Unpacking my bike with the best pug ever (funky breath and all)
The day before the race….
I went for a spin around the neighborhood to make sure my bike was functioning properly and I didn’t need a mechanic. Then I went for a short run near my alma mater – Tufts University – got nostalgic and felt OLD as dirt. Where does the time go!? Oh and I noticed two things: 1) it was cool outside, low humidity – perfect, and 2) I felt fat, tired, and slow – not good. Sometimes it’s hard being a female athlete :-(
And now for the fun stuff. I’d usually stay off my feet the day before a race, but I got invited to a Pre-Race Brunch Event in the city. No way was I going to pass that up. Thank you Columbia Threadneedle Investments, Lululemon and the Boston Triathlon. I got to meet a few IRaceLikeAGirl teammates, mingle with professional athletes (that I may or may not stalk on social media), and eat good food.
With Ironman Champion Angela Naeth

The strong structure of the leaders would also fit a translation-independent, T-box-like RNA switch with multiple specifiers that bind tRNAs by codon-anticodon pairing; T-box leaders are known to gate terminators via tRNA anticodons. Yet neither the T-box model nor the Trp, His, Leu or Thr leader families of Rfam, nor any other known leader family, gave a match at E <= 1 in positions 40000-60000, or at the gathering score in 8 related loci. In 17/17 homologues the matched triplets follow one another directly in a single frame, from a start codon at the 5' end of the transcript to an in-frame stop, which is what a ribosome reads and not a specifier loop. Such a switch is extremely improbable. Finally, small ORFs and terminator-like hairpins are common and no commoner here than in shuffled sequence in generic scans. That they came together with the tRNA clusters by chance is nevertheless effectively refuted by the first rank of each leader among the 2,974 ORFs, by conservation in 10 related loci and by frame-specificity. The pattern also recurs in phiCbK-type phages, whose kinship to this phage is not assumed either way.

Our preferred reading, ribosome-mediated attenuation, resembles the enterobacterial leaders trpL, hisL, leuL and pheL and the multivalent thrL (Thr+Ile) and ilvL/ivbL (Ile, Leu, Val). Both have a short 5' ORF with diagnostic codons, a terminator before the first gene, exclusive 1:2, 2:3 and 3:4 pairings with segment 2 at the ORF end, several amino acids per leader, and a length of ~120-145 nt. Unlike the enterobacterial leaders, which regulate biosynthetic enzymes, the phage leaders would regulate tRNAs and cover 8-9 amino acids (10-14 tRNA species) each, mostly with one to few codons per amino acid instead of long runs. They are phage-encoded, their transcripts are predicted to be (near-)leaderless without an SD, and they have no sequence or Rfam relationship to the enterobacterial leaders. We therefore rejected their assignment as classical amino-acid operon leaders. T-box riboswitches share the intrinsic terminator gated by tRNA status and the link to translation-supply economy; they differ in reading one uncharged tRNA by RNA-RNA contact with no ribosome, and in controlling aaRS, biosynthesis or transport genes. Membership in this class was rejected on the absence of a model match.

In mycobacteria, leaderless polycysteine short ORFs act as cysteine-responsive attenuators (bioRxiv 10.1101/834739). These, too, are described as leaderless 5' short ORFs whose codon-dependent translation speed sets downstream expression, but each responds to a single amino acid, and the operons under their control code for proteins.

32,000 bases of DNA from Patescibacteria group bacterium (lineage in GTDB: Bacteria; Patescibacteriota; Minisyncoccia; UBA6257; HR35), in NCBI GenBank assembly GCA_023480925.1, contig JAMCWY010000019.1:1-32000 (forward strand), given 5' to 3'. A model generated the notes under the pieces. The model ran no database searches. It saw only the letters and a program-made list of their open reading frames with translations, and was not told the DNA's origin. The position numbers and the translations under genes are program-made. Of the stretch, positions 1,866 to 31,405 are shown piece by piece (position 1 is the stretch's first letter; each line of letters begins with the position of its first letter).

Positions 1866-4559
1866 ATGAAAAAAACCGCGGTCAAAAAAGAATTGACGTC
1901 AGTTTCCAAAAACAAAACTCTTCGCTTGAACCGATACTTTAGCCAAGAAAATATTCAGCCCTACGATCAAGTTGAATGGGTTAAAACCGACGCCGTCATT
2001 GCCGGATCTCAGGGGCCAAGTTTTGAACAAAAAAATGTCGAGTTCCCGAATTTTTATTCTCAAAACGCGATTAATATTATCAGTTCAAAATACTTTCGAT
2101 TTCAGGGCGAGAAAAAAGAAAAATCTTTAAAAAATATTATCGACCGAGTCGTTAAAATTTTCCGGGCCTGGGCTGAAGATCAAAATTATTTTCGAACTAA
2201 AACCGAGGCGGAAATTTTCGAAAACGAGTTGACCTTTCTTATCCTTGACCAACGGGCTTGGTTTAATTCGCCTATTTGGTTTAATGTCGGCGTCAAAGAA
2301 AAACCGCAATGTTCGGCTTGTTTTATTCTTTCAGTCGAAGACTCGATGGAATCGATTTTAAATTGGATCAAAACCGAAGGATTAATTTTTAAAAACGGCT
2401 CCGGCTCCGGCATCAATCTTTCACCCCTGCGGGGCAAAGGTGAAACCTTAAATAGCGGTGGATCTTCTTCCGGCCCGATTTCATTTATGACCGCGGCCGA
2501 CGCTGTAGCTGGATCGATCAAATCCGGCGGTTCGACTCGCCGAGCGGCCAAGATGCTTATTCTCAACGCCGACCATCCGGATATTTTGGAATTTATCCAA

|I'm so thankful that I was chosen to be part of her team.|
Angela: "Wow you're tall."
Sika: "Yep I am! 5'10". Haha"
Next up was packet pick up and a preview of the race course. I even got to test out NormaTec Recovery Boots. If I ever strike gold I’ll be purchasing these!
Race day…I had to get up at the crack of dawn since the race started at 6:20 am. I'm not going to lie. When my alarm went off my first thought was "why the eff am I doing this?" It was way colder than what I've been used to (58 degrees), I was half asleep, and physically I just didn't feel 100%. I wanted to crawl onto the couch and cuddle with my friend's pug. But when your friend gets up at 4 am to give you a pep talk, drive you to the race, and run around the course to cheer you on ....you get your act together!